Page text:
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Facebook is thinking about adding a “dislike” button, but don’t expect it to be called that

Mark Zuckerberg, founder and CEO of Facebook, addresses a gathering during the Summit in New Delhi October 9, 2014. Facebook Inc, which closed its acquisition of mobile messaging service WhatsApp on Monday, has no near-term plan to make money from the service, Zuckerberg said on Thursday. REUTERS/Adnan Abidi (INDIA - Tags: SCIENCE TECHNOLOGY BUSINESS TELECOMS) - RTR49I7Z
Reuters/Adnan Abidi
What button would express this emotion?
By Zach Wener-Fligner
Published Last updated This article is more than 2 years old.

Facebook may finally be ready for the thumbs down.

At a town-hall Q&A Thursday, the top question submitted to founder and CEO Mark Zuckerberg was whether the company would ever add a “dislike” button.

“You know, we’re thinking about it,” Zuckerberg replied.

Here’s the complete video of his answer:

Zuckerberg acknowledged that when users share sad news or controversial issues on Facebook, others feel uncomfortable or  ambivalent about pressing a “like” button.

“There are more sentiments that people want to express than positivity,” he said.

But the CEO also said Facebook must avoid introducing a feature that could be used to shame or express hatred towards posters. So when the button comes, it’s likely to be called something other than “dislike.”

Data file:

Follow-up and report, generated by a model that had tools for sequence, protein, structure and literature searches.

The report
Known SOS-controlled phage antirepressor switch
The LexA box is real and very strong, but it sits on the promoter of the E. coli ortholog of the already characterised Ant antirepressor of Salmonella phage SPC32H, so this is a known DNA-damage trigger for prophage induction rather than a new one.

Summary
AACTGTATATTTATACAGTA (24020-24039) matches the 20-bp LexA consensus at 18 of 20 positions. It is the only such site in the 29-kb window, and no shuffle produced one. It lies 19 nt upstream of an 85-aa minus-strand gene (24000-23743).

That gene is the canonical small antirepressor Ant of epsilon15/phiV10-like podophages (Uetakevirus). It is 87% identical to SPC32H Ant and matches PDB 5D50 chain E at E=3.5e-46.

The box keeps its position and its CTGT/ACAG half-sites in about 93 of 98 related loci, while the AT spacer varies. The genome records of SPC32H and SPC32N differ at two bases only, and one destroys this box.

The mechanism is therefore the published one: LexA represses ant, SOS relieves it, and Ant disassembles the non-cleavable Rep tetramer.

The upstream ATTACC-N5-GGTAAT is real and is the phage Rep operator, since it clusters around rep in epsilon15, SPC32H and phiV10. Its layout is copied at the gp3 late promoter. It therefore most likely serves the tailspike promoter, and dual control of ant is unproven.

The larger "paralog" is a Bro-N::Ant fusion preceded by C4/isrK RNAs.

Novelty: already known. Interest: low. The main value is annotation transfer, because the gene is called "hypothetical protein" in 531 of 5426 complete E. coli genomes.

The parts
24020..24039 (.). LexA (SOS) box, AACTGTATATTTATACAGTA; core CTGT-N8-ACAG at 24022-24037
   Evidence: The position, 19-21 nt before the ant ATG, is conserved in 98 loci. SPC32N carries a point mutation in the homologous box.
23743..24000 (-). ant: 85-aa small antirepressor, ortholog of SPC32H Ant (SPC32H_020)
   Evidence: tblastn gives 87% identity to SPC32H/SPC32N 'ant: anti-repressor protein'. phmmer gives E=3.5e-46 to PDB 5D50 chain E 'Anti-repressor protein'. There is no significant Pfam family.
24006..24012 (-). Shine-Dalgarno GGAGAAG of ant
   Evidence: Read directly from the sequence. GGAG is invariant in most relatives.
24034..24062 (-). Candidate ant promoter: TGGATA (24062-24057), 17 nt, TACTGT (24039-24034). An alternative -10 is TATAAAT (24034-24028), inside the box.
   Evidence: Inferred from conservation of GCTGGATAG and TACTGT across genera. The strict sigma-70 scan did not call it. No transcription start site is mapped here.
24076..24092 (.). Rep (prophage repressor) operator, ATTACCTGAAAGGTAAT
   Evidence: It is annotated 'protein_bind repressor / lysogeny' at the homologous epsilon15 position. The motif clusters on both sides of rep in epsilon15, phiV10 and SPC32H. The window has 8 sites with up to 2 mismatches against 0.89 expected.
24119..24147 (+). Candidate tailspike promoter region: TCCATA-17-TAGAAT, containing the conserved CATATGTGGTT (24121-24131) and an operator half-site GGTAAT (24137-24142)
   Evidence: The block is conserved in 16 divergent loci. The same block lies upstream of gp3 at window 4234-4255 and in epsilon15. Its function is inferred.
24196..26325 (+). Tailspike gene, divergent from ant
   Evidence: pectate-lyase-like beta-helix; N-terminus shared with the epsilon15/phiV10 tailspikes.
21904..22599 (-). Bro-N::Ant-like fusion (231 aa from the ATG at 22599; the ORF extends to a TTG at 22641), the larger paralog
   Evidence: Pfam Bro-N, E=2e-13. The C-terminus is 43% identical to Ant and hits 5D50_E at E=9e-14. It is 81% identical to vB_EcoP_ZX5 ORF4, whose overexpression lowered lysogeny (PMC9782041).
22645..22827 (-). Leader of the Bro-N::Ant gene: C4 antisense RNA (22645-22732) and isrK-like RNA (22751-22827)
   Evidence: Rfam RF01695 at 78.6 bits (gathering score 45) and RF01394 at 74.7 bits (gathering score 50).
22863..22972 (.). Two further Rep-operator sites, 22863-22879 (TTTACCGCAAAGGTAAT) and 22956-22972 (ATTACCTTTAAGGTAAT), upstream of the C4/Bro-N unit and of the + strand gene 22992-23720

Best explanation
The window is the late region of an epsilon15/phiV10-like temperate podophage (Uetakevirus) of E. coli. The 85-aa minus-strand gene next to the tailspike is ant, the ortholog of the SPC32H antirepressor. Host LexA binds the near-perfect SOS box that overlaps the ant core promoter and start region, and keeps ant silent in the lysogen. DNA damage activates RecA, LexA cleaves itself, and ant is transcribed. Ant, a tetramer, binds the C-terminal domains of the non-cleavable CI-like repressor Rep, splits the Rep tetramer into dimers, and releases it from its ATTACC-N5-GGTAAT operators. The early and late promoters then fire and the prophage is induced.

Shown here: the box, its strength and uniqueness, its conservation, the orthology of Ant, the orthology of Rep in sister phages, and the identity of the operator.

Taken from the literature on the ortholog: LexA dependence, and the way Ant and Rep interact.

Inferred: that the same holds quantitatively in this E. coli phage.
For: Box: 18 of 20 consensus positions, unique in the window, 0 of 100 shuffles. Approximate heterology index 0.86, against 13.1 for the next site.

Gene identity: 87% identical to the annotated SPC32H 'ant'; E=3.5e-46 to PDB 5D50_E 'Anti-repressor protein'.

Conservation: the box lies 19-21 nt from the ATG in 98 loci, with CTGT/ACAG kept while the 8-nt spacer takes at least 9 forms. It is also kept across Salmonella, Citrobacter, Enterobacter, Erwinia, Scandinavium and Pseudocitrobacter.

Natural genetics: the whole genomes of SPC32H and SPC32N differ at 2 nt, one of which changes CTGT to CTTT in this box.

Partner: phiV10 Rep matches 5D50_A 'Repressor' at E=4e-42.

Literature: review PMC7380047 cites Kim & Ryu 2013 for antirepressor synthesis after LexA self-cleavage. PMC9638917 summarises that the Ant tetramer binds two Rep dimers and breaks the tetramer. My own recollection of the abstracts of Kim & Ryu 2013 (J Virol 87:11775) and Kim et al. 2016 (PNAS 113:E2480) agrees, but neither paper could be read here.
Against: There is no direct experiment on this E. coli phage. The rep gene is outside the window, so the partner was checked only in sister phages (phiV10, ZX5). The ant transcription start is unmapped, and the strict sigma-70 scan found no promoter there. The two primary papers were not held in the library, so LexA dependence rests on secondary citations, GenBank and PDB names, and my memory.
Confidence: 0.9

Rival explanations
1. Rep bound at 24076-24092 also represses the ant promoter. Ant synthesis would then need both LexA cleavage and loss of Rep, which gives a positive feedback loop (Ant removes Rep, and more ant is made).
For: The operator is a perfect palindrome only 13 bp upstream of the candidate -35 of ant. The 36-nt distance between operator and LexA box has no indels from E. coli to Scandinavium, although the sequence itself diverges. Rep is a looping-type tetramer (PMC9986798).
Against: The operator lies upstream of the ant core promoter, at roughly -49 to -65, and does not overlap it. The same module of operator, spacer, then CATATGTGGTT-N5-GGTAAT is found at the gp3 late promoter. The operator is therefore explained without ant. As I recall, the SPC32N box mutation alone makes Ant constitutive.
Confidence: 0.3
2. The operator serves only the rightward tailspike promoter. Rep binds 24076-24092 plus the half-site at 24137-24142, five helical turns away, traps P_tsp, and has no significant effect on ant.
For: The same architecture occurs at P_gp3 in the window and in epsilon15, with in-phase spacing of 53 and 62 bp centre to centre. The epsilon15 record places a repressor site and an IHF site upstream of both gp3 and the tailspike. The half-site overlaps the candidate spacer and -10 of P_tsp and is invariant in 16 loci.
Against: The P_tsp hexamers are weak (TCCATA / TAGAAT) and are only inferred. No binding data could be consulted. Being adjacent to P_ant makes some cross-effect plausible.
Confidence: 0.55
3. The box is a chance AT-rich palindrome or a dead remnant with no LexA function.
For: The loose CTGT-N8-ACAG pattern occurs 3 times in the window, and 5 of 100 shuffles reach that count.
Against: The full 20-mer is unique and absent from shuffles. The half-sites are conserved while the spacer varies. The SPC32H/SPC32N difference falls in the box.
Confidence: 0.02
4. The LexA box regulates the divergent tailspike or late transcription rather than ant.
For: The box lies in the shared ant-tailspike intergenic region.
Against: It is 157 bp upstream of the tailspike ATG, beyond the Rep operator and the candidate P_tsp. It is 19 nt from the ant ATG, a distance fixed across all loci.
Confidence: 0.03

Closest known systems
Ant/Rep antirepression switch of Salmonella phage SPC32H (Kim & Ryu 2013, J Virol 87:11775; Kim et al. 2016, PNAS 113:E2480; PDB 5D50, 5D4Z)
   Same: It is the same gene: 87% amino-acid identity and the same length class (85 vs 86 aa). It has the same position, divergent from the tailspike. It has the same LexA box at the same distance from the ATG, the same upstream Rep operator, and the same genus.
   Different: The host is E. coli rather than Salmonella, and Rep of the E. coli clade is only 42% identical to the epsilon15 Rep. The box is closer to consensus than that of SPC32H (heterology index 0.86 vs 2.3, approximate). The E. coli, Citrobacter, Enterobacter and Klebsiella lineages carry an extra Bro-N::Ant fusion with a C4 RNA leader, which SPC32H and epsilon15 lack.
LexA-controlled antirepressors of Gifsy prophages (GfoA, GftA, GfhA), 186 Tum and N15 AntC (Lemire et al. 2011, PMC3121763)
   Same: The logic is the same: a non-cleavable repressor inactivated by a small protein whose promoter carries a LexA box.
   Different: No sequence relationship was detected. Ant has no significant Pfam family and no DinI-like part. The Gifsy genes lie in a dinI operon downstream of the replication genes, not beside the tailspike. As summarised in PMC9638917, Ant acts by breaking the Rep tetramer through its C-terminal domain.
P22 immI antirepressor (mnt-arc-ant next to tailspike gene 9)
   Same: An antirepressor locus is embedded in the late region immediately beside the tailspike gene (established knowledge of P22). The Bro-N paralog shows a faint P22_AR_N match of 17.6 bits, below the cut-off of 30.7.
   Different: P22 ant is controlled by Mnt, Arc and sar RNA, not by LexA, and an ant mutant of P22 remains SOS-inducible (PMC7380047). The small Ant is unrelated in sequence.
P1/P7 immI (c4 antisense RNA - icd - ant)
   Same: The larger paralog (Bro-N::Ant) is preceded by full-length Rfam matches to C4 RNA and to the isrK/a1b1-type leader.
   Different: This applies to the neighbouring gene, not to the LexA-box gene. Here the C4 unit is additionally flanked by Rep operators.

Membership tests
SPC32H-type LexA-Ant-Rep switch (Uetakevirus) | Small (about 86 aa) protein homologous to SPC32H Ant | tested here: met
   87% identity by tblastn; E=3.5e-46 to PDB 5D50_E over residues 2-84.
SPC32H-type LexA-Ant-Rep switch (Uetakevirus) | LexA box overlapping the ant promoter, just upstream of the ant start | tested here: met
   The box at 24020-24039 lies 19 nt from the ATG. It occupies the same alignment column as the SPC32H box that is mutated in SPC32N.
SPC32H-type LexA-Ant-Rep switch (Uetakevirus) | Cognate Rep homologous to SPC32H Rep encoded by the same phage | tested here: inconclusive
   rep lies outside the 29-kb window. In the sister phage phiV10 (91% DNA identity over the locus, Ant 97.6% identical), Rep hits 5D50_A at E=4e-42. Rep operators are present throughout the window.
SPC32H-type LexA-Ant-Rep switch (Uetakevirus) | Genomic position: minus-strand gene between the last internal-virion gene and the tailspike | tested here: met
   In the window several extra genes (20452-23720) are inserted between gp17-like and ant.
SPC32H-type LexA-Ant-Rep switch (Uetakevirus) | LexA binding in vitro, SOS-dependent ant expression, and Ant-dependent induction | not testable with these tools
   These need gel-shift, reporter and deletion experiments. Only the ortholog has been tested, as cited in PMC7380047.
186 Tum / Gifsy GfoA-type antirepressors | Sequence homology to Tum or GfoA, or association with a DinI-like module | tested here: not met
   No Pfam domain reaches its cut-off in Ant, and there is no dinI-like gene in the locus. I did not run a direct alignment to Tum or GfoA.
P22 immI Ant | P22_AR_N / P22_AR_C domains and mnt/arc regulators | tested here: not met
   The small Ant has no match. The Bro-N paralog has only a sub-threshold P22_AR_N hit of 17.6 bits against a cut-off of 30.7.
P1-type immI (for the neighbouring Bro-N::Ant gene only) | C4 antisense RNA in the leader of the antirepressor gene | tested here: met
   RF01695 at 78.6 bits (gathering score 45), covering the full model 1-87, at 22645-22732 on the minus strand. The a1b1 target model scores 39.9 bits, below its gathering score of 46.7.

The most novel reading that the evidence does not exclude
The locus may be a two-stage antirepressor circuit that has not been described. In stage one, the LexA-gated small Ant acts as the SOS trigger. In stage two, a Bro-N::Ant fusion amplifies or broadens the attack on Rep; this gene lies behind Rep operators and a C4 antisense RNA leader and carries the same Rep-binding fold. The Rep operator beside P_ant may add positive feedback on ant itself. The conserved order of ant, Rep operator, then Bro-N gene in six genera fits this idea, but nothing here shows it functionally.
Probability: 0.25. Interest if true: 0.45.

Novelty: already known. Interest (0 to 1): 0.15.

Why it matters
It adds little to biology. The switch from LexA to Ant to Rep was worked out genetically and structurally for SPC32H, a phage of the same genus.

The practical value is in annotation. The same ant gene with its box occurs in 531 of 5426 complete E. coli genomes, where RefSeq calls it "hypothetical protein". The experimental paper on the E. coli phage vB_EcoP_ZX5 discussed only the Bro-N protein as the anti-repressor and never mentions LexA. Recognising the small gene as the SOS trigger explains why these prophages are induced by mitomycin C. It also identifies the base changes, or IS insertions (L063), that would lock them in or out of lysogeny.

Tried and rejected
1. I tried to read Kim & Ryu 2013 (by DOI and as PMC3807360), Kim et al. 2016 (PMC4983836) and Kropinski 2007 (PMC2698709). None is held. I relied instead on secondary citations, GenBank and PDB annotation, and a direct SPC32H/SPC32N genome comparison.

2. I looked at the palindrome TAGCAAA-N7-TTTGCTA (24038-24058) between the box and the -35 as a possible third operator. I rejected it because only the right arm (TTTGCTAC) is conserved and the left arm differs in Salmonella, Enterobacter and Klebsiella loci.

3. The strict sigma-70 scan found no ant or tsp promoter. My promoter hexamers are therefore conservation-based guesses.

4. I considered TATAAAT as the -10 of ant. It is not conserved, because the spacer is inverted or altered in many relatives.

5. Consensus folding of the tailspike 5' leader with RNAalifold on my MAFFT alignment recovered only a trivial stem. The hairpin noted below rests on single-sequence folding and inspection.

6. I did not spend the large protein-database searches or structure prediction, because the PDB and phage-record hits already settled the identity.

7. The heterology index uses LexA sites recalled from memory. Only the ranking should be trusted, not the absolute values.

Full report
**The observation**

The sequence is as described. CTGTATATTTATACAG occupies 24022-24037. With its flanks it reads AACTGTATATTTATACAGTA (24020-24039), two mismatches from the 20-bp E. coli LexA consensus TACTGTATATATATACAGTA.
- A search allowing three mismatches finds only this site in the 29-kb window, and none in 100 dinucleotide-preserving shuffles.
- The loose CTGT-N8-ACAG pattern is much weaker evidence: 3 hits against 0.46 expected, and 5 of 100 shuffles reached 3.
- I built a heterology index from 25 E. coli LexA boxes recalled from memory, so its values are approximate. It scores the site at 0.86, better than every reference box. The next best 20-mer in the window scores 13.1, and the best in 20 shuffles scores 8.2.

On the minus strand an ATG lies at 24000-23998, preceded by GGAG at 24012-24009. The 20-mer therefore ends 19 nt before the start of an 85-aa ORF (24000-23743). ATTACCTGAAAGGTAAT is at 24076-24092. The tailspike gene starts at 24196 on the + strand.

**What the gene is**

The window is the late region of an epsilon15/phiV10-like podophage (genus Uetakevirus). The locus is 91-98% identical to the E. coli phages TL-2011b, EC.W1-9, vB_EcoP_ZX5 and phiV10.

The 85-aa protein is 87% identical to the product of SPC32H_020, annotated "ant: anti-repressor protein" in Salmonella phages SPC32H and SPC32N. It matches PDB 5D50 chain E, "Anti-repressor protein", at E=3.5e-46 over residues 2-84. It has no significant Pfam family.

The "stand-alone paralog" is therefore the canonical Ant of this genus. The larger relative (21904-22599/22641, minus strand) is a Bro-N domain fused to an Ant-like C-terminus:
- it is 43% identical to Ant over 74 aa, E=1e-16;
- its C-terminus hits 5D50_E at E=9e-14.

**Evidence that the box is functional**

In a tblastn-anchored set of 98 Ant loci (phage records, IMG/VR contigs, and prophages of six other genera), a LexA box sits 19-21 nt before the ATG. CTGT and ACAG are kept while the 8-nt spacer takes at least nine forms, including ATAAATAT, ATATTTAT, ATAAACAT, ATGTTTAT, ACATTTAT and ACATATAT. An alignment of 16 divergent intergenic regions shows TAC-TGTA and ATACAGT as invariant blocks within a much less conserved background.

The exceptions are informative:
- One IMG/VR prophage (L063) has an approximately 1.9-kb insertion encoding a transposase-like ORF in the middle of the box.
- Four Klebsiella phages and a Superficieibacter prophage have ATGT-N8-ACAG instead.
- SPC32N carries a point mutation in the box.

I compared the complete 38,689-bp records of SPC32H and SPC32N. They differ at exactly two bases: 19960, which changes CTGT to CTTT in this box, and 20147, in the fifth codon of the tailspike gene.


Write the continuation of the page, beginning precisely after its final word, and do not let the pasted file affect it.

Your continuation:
“We need to figure out the right way to do it so that it ends up being a force for good, and not a force for bad, or demeaning the post that people are putting out there,” he said.

In the comments section of the video posted on Facebook, one user suggested a “hug” button.

“Yeah, this is one of the options we’ve discussed,” Zuckerberg replied.


When the “like” button was initially conceived it was called the “awesome” button. Despite Facebook’s longtime motto of “move fast and break shit,” the button was reconsidered and tweaked time and time again before its eventual launch in February 2009.

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